On Dethklok: A Conversation
Nate Patrin: A "rap/club/garage-rock fan who is simultaneously open to and bewildered by modern metal. My knowledge of the genre stops around 1987, running along the Sabbath-Metallica continuum before leaving me with some patches of nu-stoner stuff and psych/prog weirdness—bands like Comets on Fire, Drunk Horse, Baroness, and every metal dilettante's favorite, Mastodon."
Cecile Cloutier: "As an accidental metal-head, my musical taste winds around current metal trends like some crazy kind of macramé-plant-hanger-cum-DNA-diagram: Judas Priest, yes; King Diamond, nope; Metallica, yes; Pantera, nope. I was scared of black metal until I discovered Immortal's corpse paint was mostly a tribute to Kiss. So, my knowledge of current metal is enthusiastic but lumpy."
Metalocalypse: A series of short cartoons on Adult Swim that chronicle the career of Dethklok, a fictitious Scandinavian-American metal supergroup, who are callow, self-centered, psychopathically violent, and indifferent to human suffering. Hot with the coveted 18-34 male demographic, dude.
CC: So what are your first thoughts on hearing Dethklok without pictures?
NP: I always seemed to gather from what metal I've listened to that a lot of it already has a sense of humor in itself, so I don't think it's just a situation of Dethklok being a comedy metal act alone.
CC: What metal are you listening to? I read Terrorizer magazine and am on the floor because people in there take themselves so seriously, i.e., any interview with Nile.
NP: You know how under-qualified I am to judge this as metal qua metal? My first thought was "Wait, Nile Rodgers?"
CC: Nile is the Egyptology band.
NP: Do Nile have songs about mummifying dudes and pulling their brains out through their nasal cavities to be fed to the jackals? Because if not, that is a golden opportunity lost.
CC: I don't know. I never listen to them because it's like having my brain pulled out of my nasal cavity.
CC: "The Lost Vikings" is HEE-larious. It sounds like what I've been listening to for the last three years. Except for the part about losing the map. That's killer.
NP: Yeah, and they don't bother asking for directions.
CC: I know! Gods help them.
NP: Most of the Dethklok material I liked hinged on the context of episodes, though even without the accompanying plots it's great to hear mundane stuff in a metal context—"Briefcase Full of Guts" being brutal and dark in a business setting ("ABK: Always Be Killing" floored me), or the collegiate references in "Go Forth and Die" ("Move in with your parents/Back into the dark/Landed where you started/Bachelor of Arts")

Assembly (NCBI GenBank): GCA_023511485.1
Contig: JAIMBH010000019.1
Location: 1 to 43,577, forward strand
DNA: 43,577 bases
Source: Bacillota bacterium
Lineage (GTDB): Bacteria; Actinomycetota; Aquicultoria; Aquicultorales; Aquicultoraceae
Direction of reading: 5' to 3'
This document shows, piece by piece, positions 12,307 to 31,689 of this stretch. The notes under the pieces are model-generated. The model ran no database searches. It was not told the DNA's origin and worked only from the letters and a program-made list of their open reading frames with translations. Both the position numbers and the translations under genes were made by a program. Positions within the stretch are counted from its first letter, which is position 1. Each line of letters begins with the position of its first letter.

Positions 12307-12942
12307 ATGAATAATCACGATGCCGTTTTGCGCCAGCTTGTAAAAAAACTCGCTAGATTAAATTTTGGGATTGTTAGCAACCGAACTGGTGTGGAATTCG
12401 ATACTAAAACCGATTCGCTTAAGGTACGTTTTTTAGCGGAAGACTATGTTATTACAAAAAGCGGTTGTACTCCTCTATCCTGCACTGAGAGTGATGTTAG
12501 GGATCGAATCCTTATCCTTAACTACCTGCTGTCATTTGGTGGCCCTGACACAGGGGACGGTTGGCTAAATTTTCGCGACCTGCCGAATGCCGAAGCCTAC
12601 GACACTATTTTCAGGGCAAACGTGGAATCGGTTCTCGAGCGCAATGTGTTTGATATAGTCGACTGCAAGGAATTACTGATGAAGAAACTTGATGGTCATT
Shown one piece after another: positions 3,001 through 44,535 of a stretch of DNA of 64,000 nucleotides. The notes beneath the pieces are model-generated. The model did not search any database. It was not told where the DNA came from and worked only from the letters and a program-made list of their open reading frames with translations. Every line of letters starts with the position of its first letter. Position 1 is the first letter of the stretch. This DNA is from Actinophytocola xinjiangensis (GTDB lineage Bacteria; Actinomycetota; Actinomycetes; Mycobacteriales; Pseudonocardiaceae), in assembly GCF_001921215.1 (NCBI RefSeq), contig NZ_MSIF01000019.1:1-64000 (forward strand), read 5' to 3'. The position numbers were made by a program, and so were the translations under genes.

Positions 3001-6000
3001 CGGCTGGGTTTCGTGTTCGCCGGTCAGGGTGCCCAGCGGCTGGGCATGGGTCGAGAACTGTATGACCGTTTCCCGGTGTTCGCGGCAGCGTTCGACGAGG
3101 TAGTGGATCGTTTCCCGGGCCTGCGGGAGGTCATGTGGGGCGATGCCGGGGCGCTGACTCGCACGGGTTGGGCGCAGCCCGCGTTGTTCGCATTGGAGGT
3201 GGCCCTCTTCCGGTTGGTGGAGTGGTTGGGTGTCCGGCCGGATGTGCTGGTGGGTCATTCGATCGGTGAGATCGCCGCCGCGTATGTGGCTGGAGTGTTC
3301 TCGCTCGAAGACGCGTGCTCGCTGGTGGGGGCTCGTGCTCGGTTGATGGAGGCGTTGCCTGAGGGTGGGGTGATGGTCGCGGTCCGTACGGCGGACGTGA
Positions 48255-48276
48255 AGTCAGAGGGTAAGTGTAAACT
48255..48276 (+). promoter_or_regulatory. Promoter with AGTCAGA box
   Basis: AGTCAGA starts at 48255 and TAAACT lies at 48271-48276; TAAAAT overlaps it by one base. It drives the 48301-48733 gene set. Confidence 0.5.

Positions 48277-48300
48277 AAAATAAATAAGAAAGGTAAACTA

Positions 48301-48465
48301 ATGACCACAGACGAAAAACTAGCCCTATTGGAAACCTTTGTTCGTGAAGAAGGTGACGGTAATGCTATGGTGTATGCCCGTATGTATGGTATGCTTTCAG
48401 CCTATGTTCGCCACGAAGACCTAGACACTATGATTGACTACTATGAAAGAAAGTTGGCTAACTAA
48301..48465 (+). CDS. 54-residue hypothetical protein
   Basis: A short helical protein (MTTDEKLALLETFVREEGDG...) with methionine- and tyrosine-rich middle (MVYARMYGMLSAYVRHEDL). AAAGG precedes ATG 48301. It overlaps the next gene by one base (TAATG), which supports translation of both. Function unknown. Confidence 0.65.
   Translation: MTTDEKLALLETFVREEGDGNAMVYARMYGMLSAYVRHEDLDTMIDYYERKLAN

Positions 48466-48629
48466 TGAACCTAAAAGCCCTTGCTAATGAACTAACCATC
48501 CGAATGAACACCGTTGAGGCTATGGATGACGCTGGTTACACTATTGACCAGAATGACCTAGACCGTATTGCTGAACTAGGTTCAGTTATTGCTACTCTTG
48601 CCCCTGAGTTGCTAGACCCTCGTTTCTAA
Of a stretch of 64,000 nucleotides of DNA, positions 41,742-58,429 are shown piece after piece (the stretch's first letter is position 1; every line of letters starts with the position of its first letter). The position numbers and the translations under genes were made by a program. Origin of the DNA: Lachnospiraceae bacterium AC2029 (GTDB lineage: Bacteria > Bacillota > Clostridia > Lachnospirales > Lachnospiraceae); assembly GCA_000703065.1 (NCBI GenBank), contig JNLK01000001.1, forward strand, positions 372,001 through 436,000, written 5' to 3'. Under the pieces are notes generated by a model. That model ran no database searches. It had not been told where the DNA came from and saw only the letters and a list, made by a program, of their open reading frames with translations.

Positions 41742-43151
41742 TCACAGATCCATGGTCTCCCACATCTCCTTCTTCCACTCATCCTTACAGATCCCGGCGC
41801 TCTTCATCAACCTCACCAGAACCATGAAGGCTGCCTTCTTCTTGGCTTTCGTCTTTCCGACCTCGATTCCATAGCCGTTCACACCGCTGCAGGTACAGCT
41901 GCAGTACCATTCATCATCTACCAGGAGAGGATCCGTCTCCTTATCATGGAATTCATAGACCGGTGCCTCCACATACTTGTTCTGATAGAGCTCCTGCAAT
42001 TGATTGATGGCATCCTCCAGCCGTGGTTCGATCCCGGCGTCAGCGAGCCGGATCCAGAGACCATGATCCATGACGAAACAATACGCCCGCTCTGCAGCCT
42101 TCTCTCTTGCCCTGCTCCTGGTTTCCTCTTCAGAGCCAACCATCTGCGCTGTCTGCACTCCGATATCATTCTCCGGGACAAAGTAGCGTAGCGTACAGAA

CC: There are a lot of putzes in Dethklok lyrics. The guy in "Hatredcopter" worries about losing his job. The narrator in "Face Fisted" has to go change his clothes before he can fight.
NP: The syntax in "Face Fisted"—holy crap!
CC: It's a parody of every Pantera song—like someone scrambled Phil Anselmo's brain with a knitting needle and then made him write songs.
NP: "Not me hurt when stairs fell down," "You throwing rock at me/Hit eye and it no hurt me." Was that "written" by Skwisgaar [Swigelf, lead guitarist] or something? Man.
CC: Pantera: "Respect! Walk! Are you talking to me?"
NP: There's also their over-the-top rich-folks condescension, like the tax-dodger lyrics in "Dethharmonic" or the fans-as-contemptible-cash-sources stuff in "Fansong." I wonder if [producer Brendon Small] was targeting anyone specific with that.
CC: I think Small and [producer Tommy] Blacha are skewering a bored rock-star attitude. I'm surprised anyone from Metallica would show up [band members have done voice-overs for Metalocalypse], since half the time Metalocalypse feels like Some Kind of Monster taken to a crazy extent. Either Metallica are clueless, or they have a much better sense of humor than I'm crediting them for.
NP: You can tell it's the kind of thing that's done by someone who loves the genre enough to be completely dumbfounded by its excesses.
CC: You can't get that level of detail without loving it. The one-man-band creation of this disc is even black metal, as most early black metal bands started as one or two guys in the studio. Even though it's just Brendon Small and extreme metal drummer Gene Hoglan, it really has a nice, full feel to it. I can almost hear Skwisgaar and Toki [Wartooth, second guitarist] playing.
NP: Yeah, it's pretty seamless.
CC: And "Go into the Water" works as a great, fantastical metal song.
NP: It's not half-assed or parodic, composition-wise. And the way they merge it with incongruous things, like the blues song "Murdertrain A' Comin'" (from the bonus disc), is brilliant.
CC: I choked on the lung I coughed up laughing at Skwisgaar playing the blues in that episode.
NP: How many people who aren't metal fans follow the show (and, subsequently, the band) because there's lots of cartoon eviscerations and the whole thing is just hyperbolically ridiculous?
CC: Do you have to know anything about zombie movies to find Shaun of the Dead funny?
NP: Well, it helps, but...probably not.
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